With this post I would like to point out a new series of publication called “What is …?” in which, I will give my definition of the proposed term, as always supported by references, and sometimes even, some anecdotes which will illustrate my point of view.
So I start this series with the question : What is Kung Fu 功夫? Question that I have answered dozens and dozens of times to many people who have asked me about my martial practice.
History and definition of Kung Fu 功夫
History first. The term Kung fu, or rather Cong Fou, was first used in the West in the 18th century, by Jesuit missionaries returning from Beijing, to present their work on Chinese culture at the King of France’s court.
In 1779, the Jesuit father Joseph Amiot indicated that the Cong Fou is: “a practice of medicine that can be used for the relief and cure of some diseases. […] The Cong-fou consists of two things : in the posture of the body, and in the manner . The Cong Fou described by Father Amiot made reference to the practice of Chinese health that we know today under the term Qi Gong 氣功, or Dao Yin 導引. Therefore, it is very different from the representation that we currently have.
Concretely, what does Kung Fu 功夫 (in Cantonese) or Gong Fu (in Mandarin) mean ?
Kung 功 means work, mastery, effort.
Fu 夫 means accomplished man, by extension husband, master.
We can translate Kung Fu 功夫 by accomplished work, hard work, man accomplished by his work  or as part of martial arts ; train hard and well . For my part, when I explain the concept to my students, I use this formula ; acquire talent, mastery, skills, through good work and many efforts.
Personally, I like the definition given by the character Bayan Undred Eyes in the Marco Polo series.
“Supreme skill from hard work” Bayan Undred Eyes, Marco Polo series (S01Ep3)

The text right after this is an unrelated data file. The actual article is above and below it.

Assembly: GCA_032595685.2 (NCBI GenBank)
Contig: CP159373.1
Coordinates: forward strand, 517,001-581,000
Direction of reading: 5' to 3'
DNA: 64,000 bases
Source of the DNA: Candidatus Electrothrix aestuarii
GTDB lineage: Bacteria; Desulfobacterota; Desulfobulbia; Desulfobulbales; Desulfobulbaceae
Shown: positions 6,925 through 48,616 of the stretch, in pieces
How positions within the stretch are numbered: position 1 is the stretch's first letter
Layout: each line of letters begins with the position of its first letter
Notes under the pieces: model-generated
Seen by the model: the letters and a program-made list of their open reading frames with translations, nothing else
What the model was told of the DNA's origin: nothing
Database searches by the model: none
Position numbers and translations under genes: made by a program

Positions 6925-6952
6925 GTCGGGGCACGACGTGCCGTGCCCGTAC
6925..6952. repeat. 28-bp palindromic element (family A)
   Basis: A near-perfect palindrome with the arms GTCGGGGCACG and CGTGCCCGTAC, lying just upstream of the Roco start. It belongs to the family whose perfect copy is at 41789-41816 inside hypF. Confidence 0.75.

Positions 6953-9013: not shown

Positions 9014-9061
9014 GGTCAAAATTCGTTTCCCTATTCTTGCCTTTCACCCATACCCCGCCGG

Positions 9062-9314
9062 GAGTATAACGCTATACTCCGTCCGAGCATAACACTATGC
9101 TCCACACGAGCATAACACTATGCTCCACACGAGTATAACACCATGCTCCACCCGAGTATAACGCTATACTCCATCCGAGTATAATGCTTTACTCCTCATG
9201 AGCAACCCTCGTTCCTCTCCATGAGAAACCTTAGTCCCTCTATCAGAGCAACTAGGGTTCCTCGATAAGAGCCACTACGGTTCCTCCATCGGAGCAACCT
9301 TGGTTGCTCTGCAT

♫ Everybody was Kung Fu fighting ♫ sung by Carl Douglas in 1974. And even today, the general public very often assimilates the term Kung Fu to a dynamic and athletic martial art. Post-war Hong Kong martial arts films, and recently the shows of Shaolin monks around the world, have strongly nurtured the image of the disciplined warrior monk, capable of extraordinary physical and martial prowess.
However, the term Kung Fu does not designate a particular martial art. In China, it is a colloquial expression that can also be used to refer to anything related to work or technique, in any field. When we talk about Kung Fu in China we are not necessarily talking about martial arts. So a taxi driver can have good Kung Fu in driving and a chef can have good Kung Fu in preparing delicious food. Chinese martial arts are made up of techniques, so they are sometimes referred to as Kung Fu in spoken Chinese.  
Bruce Lee may be one of the first to use the term in modern times . In 1960, he named Jun Fan Gung Fu 振 藩 功夫 the method of combat that he taught to his American students in Seattle . Jun Fan being the Chinese name of Bruce Lee and Gung Fu the spelling used to transcribe 功夫. In 1963, Bruce Lee published his first book titled Chinese Gung Fu The Philosophical Art of Self-Defense.
Why did Bruce Lee use the spelling Gung Fu and not Kung Fu ? Because the Taishan people of Guangdong province, were the first to settle in America, especially on the west coast. Their accent strongly influenced the Cantonese spoken in American chinatowns. So it is the sound [g] which is pronounced to say 功夫, hence Gung Fu, whereas in Hong Kong, it is pronounced more with the sound [k], hence Kung Fu. 
“Chinese speakers seldom use the term gongfu, except when speaking English.” Peter Lorge 
In China, Chinese martial arts are referred to only by the name of the style. We talk about Wing Chun, Hung Gar, Choy Li Fut, Tang Lang, Bak Hok, Baji, Tong Bei … Sometimes the term Kyun/Kuen (in Cantonese) or Quan/Chuan (in Mandarin) is added behind the name of the style. Kuen or Quan 拳 literally means fist and by extension boxing. We can then talk about Wing Chun Kuen (Wing Chun boxing), Hung Gar Kuen (Hung family boxing), Shaolin Quan (Shaolin boxing), Taiji Quan, Xing Yi Quan … Only the Westerners use the term Kung Fu after the name of their style. Myself, I designate my art as Wing Tsun Kung Fu, as others can speak of Shaolin Kung Fu, Pak Mei Kung Fu or Hung Gar Kung Fu. But apparently, you will not find Wing Tsun Kung Fu 詠春功夫 in Hong Kong. Here are some examples of Wing Chun 詠春 school name from Hong Kong : Chiu Hok Yin Ving Tsun Martial Art Association 趙學賢 詠春拳 會, Ving Tsun Athletic Association 詠春 體育 會 or International WingTsun Association 國際 詠春 總會.